"(1) No law of a State shall impose, or authorise the imposition of, a tax on the sale or purchase of goods where such sale or purchase takes place - (a) outside the State; or (b) in the course of the import of the goods into, or export of the goods out of, the territory of India. Explanation. - For the purposes of sub-clause (a), a sale or purchase shall be deemed to have taken place in the State in which the goods have actually been delivered as a direct result of such sale or purchase for the purpose of consumption in that State, notwithstanding the fact that under the general law relating to sale of goods the property in the goods has by reason of such sale or purchase passed in another State. (2) Except in so far as Parliament may by law otherwise provide, no law of a State shall impose, or authorise the imposition of, a tax on the sale or purchase of any goods where such sale or purchase takes place in the course of inter-State trade or commerce : Provided that the President may by order direct that any tax on the sale or purchase of goods which was being lawfully levied by the Government of any State immediately before the commencement of this Constitution shall, notwithstanding that the imposition of such tax is contrary to the provisions of this clause, continue to be levied until the thirty-first day of March, 1951. (3) No law made by the Legislature of a State imposing, or authorising the imposition of, a tax on the sale or purchase of any such goods as have been declared by Parliament by law to be essential for the life of the community shall have effect unless it has been reserved for the consideration of the President and has received his assent."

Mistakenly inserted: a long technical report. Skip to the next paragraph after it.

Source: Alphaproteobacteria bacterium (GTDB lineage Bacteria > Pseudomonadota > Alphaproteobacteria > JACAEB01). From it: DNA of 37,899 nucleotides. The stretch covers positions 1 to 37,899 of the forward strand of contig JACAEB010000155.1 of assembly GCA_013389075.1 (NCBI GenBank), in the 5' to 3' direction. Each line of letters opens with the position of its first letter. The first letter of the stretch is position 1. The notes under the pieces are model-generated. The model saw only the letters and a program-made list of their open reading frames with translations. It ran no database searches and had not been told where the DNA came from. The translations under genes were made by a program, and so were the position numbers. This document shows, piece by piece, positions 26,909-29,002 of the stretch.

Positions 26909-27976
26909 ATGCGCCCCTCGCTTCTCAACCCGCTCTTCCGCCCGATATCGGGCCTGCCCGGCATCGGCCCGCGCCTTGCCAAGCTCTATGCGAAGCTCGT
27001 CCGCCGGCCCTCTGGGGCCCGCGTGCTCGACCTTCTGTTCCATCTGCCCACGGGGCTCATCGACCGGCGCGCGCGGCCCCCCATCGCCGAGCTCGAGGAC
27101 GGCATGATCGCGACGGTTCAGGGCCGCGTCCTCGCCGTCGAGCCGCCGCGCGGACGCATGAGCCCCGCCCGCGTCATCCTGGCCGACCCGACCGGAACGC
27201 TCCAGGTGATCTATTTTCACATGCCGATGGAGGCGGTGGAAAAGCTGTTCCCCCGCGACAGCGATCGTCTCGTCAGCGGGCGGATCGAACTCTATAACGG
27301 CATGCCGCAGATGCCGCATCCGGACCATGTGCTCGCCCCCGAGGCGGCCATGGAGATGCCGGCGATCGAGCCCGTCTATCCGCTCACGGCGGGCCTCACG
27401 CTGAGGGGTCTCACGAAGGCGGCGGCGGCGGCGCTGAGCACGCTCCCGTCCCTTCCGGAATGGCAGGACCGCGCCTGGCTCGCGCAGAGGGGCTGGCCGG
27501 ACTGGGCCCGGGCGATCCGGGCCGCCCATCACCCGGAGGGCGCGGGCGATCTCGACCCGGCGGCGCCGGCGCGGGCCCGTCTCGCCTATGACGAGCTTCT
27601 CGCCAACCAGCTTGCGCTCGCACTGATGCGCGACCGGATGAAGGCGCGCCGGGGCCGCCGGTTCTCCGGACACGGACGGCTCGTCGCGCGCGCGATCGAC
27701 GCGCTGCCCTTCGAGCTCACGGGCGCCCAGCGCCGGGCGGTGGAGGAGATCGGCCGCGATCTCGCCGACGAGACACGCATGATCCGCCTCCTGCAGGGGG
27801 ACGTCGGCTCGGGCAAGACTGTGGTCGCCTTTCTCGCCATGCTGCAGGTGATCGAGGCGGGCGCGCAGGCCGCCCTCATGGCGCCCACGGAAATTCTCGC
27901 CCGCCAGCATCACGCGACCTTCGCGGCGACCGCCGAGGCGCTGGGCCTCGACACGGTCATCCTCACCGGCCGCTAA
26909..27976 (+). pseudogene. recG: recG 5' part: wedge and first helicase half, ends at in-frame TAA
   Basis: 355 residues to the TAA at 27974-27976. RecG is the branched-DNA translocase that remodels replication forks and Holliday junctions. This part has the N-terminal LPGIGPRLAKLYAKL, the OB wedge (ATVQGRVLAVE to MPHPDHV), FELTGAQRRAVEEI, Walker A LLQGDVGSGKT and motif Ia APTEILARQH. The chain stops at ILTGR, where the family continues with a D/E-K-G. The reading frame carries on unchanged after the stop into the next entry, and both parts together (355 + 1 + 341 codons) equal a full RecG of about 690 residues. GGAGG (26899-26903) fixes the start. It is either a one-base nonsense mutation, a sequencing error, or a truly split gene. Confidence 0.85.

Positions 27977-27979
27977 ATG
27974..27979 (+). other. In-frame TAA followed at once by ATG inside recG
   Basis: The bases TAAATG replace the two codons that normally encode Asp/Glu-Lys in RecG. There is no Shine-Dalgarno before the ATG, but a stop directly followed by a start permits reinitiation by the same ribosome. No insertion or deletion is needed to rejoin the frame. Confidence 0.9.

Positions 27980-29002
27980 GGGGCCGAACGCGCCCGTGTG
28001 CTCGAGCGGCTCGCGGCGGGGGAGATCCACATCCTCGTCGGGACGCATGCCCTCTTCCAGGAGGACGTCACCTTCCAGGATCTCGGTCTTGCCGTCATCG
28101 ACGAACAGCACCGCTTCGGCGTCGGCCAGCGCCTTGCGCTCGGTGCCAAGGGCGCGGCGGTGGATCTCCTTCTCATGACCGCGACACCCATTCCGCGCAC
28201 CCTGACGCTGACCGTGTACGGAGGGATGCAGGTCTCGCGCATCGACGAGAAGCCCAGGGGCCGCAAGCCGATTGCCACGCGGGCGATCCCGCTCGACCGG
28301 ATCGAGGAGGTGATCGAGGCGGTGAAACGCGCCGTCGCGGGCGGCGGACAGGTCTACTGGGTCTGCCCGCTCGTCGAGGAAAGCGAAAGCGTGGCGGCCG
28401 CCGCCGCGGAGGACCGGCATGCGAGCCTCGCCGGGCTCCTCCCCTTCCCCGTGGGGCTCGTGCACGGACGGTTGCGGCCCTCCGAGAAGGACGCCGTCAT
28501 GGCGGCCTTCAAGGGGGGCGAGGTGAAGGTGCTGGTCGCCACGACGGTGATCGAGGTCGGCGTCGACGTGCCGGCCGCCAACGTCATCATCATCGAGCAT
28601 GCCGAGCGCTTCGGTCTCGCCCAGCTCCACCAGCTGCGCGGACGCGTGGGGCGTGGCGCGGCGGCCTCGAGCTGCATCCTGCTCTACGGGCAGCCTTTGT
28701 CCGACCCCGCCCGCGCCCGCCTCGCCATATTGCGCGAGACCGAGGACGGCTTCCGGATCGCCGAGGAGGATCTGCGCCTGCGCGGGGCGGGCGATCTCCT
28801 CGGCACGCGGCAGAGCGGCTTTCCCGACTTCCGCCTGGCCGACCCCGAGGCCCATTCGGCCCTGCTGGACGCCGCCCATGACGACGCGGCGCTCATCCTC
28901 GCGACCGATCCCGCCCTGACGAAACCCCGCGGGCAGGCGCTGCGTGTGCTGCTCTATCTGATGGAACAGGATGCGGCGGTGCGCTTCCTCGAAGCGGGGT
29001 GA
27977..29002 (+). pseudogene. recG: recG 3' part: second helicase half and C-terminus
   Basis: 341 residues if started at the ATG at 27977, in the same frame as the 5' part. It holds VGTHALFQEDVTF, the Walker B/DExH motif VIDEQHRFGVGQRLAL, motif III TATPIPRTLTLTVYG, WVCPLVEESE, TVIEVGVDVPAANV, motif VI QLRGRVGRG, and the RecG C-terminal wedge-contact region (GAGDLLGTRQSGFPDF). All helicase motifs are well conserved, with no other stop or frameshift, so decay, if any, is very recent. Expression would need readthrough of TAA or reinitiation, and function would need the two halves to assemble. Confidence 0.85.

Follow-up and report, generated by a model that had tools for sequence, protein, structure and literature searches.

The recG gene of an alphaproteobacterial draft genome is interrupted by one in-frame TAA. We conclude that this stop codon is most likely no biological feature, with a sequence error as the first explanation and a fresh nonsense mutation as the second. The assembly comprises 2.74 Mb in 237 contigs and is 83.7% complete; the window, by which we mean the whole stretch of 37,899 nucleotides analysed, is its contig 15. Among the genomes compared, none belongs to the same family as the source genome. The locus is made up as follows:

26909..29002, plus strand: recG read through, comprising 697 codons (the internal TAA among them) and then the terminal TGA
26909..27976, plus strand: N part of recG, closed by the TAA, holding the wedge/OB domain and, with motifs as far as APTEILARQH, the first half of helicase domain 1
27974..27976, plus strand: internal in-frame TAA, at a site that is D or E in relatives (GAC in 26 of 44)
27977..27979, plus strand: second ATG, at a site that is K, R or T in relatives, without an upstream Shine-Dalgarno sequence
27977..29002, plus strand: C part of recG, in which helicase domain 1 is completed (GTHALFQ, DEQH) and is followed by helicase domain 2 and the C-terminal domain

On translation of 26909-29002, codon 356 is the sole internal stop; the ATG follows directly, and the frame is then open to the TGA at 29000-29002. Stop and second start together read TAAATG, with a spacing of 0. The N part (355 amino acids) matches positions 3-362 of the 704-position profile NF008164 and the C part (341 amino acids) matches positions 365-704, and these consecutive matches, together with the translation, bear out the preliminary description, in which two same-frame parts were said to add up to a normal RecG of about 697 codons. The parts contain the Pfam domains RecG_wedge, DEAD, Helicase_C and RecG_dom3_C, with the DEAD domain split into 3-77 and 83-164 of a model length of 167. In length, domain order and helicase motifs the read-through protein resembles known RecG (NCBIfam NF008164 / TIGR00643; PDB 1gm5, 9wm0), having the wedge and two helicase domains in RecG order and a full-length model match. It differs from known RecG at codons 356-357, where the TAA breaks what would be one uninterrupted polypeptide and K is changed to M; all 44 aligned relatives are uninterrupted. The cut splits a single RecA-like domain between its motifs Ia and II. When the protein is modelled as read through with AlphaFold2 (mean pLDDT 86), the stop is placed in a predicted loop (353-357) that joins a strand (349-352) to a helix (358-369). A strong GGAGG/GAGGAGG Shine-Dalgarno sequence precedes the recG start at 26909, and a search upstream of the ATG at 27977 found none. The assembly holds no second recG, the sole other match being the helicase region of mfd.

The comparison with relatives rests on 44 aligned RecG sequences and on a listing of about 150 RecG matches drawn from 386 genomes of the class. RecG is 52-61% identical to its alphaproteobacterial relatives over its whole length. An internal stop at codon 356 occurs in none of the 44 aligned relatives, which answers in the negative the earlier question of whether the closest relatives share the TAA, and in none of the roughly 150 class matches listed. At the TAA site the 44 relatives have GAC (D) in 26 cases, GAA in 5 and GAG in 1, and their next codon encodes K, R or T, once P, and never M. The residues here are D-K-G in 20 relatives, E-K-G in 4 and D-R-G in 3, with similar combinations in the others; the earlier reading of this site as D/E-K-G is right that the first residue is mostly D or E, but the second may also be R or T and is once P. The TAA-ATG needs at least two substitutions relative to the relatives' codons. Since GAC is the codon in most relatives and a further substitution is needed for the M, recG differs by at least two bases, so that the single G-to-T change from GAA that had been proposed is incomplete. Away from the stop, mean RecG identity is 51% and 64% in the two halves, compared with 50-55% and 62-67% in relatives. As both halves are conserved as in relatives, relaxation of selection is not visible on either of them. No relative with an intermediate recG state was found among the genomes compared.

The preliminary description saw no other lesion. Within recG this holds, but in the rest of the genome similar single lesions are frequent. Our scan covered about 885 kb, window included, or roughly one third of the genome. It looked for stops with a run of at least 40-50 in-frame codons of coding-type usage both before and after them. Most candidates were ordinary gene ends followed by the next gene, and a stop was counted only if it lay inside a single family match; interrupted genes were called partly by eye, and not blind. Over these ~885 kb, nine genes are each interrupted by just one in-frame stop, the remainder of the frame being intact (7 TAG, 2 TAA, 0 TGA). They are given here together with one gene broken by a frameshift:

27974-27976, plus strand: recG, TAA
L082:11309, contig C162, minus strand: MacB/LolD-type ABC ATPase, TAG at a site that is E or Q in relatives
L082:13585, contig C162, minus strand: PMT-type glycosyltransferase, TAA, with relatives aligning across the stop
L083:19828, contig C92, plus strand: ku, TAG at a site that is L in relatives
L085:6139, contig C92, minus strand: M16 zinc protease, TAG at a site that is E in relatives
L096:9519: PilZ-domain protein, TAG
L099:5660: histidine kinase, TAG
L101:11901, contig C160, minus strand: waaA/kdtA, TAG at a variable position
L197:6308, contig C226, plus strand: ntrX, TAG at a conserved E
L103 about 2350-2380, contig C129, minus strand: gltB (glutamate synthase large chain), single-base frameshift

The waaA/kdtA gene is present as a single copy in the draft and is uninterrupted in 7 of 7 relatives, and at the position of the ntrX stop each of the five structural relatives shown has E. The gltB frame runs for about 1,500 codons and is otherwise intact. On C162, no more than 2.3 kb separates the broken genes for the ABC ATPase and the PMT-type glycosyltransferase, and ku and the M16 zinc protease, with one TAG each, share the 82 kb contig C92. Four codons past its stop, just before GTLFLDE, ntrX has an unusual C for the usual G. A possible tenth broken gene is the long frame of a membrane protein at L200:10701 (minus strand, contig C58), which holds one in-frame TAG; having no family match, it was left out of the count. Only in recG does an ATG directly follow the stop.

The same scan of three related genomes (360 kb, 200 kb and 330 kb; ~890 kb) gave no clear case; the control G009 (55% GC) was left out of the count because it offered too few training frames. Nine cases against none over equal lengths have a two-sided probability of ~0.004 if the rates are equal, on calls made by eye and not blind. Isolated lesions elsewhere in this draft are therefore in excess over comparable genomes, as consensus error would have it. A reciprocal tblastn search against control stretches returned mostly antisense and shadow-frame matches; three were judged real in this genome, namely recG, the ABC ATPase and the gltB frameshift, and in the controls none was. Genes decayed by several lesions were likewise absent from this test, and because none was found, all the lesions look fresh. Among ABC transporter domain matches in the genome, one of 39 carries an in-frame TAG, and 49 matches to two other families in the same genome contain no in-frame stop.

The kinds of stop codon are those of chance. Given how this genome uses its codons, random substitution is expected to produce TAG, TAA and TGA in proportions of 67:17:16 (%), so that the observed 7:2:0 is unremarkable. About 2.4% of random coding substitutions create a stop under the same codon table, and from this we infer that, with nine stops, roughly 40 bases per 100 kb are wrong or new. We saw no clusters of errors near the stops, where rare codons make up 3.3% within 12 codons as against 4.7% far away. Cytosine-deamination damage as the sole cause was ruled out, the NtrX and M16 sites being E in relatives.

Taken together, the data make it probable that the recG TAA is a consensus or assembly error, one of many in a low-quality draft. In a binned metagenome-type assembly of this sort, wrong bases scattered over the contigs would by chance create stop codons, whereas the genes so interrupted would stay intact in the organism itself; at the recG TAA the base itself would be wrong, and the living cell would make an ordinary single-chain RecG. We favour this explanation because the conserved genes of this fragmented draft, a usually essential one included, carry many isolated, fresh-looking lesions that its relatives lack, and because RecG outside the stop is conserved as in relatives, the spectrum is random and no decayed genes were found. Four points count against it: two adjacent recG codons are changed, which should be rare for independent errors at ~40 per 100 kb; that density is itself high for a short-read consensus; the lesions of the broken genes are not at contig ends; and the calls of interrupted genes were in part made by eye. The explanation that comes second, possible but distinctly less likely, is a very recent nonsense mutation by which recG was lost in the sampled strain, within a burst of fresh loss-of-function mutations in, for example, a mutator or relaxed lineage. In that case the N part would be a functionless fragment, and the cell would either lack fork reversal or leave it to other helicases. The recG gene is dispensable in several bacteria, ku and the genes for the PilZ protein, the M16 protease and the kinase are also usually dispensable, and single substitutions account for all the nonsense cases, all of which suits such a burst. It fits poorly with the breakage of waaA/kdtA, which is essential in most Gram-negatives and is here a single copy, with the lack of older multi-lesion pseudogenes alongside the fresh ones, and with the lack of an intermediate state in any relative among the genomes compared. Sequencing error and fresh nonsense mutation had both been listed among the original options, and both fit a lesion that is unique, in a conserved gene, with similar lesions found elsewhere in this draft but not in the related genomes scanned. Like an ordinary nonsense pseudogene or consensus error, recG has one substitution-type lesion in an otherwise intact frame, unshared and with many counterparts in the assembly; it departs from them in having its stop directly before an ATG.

(3.)IT was argued that State legislation is subjected by the said article to a threefold restriction and the tax is leviable only if it is not the kind or category prohibited in any of the sub-articles. The instructions of the Financial Secretary refer only to clause (b) of sub-article (1). Particular emphasis was laid on the Explanation to sub-article (1) and the construction of this by the Supreme Court. The nature and extent of what is forbidden under the articles has been a matter of controversy and divergence of opinion in cases before the Supreme Court. There is an elaborate and critical examination of this in Bengal Immunity Co. Ltd. v. State of Bihar ( 6 S.T.C. 446; A.I.R. 1955 S.C. 661) and the decision according to the view of the majority was that "four separate and independent restrictions are placed by Article 286 on the legislative authority of the State to make a law with respect to matters enumerated in Entry 54 of List II of Seventh Schedule. These several bans may overlap in some cases but in their respective scope and operation they are separate and independent. They deal with different phases of the sale or purchase but nevertheless they are distinct and one has nothing to do with and is not dependent on the other or others. The State's legislative power with respect to a sale or purchase may be hit by one or more of these bans."